Redeeming the colonial wife

Originally, when I first read Burmese Days, I found Elizabeth quite an appalling character. The way Orwell portrays her as flitting from man to man in search of a husband, regardless of how she feels towards the person in question romantically, seems to illustrate a very negative image of a materialistic woman who uses men to advance her own standing. After reading Stoler’s article on “Carnal Knowledge and Imperial Power” however, I find myself wanting to redeem Elizabeth.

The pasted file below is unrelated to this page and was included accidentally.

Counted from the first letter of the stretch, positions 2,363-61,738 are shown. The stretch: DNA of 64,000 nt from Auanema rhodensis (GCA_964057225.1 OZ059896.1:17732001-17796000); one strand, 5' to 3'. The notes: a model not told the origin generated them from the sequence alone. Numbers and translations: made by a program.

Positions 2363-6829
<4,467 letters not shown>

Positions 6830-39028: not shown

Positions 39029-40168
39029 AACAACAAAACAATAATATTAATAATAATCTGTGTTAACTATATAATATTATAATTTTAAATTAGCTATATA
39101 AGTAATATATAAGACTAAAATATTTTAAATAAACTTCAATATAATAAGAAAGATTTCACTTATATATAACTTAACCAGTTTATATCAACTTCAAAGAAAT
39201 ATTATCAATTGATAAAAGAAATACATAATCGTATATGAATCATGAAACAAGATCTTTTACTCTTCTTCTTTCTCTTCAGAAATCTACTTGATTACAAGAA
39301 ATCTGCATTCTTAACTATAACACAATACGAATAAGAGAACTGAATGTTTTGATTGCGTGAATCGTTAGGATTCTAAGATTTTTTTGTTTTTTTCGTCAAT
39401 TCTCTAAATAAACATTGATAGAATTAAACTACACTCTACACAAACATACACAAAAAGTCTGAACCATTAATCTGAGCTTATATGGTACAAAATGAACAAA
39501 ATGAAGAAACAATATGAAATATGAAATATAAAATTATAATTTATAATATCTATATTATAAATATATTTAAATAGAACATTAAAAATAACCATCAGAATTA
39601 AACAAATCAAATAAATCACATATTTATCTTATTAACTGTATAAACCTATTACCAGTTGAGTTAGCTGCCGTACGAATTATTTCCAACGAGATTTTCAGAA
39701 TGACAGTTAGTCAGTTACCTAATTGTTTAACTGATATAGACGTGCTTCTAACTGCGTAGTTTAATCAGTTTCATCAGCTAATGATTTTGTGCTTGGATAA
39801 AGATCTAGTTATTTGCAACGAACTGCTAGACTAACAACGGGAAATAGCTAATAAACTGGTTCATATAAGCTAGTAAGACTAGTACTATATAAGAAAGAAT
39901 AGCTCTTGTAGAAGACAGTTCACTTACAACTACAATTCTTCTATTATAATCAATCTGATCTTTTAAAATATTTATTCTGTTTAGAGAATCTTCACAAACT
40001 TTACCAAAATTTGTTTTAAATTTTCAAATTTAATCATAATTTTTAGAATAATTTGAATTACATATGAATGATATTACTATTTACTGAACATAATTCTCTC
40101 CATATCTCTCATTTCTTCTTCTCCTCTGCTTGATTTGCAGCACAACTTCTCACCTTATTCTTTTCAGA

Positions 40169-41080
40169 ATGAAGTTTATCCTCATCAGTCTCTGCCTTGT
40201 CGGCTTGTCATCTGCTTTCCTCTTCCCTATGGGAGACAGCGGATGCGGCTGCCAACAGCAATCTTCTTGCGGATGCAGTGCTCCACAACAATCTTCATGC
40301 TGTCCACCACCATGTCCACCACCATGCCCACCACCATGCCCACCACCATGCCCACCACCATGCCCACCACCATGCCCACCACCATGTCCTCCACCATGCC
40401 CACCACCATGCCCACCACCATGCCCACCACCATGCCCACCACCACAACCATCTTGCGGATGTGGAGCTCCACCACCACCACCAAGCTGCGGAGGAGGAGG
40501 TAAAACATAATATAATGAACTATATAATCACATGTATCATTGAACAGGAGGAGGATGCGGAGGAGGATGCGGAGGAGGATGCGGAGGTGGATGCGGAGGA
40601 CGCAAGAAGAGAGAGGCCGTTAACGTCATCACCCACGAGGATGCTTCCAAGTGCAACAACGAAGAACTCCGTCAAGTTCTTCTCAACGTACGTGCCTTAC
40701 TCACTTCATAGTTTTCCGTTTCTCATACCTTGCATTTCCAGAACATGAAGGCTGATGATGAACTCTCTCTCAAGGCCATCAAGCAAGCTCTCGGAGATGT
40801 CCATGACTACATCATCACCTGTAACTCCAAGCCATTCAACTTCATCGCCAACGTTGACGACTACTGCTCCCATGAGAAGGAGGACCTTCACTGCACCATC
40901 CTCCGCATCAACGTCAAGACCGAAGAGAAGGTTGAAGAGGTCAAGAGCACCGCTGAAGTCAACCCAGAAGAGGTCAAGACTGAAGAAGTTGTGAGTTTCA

As Stoler points out, European women were “to be almost as closely policed as colonized men” (60), and they were confined to colonial spaces as “custodians of family welfare and respectability and dedicated and willing subordinates to and supporters of men” (61). This can be seen in Elizabeth’s story. As a professional woman, a teacher in Paris, she is subjected to poverty and sexual harassment from her employer. As a single woman entering the colonies, she is immediately subjected to pressures to get married. For example, her uncle and aunt, in their first letter to her, immediately pointed out the many unmarried men present in the colonies who would appreciate her company. Furthermore, as a single woman in the colonies she is subjected to sexual harassment by her uncle, and her only way of escaping that is to marry someone else. In short, reflecting Stoler’s argument, Elizabeth is driven towards marriage (being a wife and mother) by the social pressures on her (her aunt and uncle’s pressuring of her to find a husband), and the impossibility of a single woman gaining any wealth or respect on her own (as the multiple attacks on her modesty and her poverty in Paris illustrates). Thus, in that sense, we might be able to claim that Elizabeth turns out to be the materialistic person that she is because the confinement of women to the colonial spaces of motherhood and marriage drives her to it.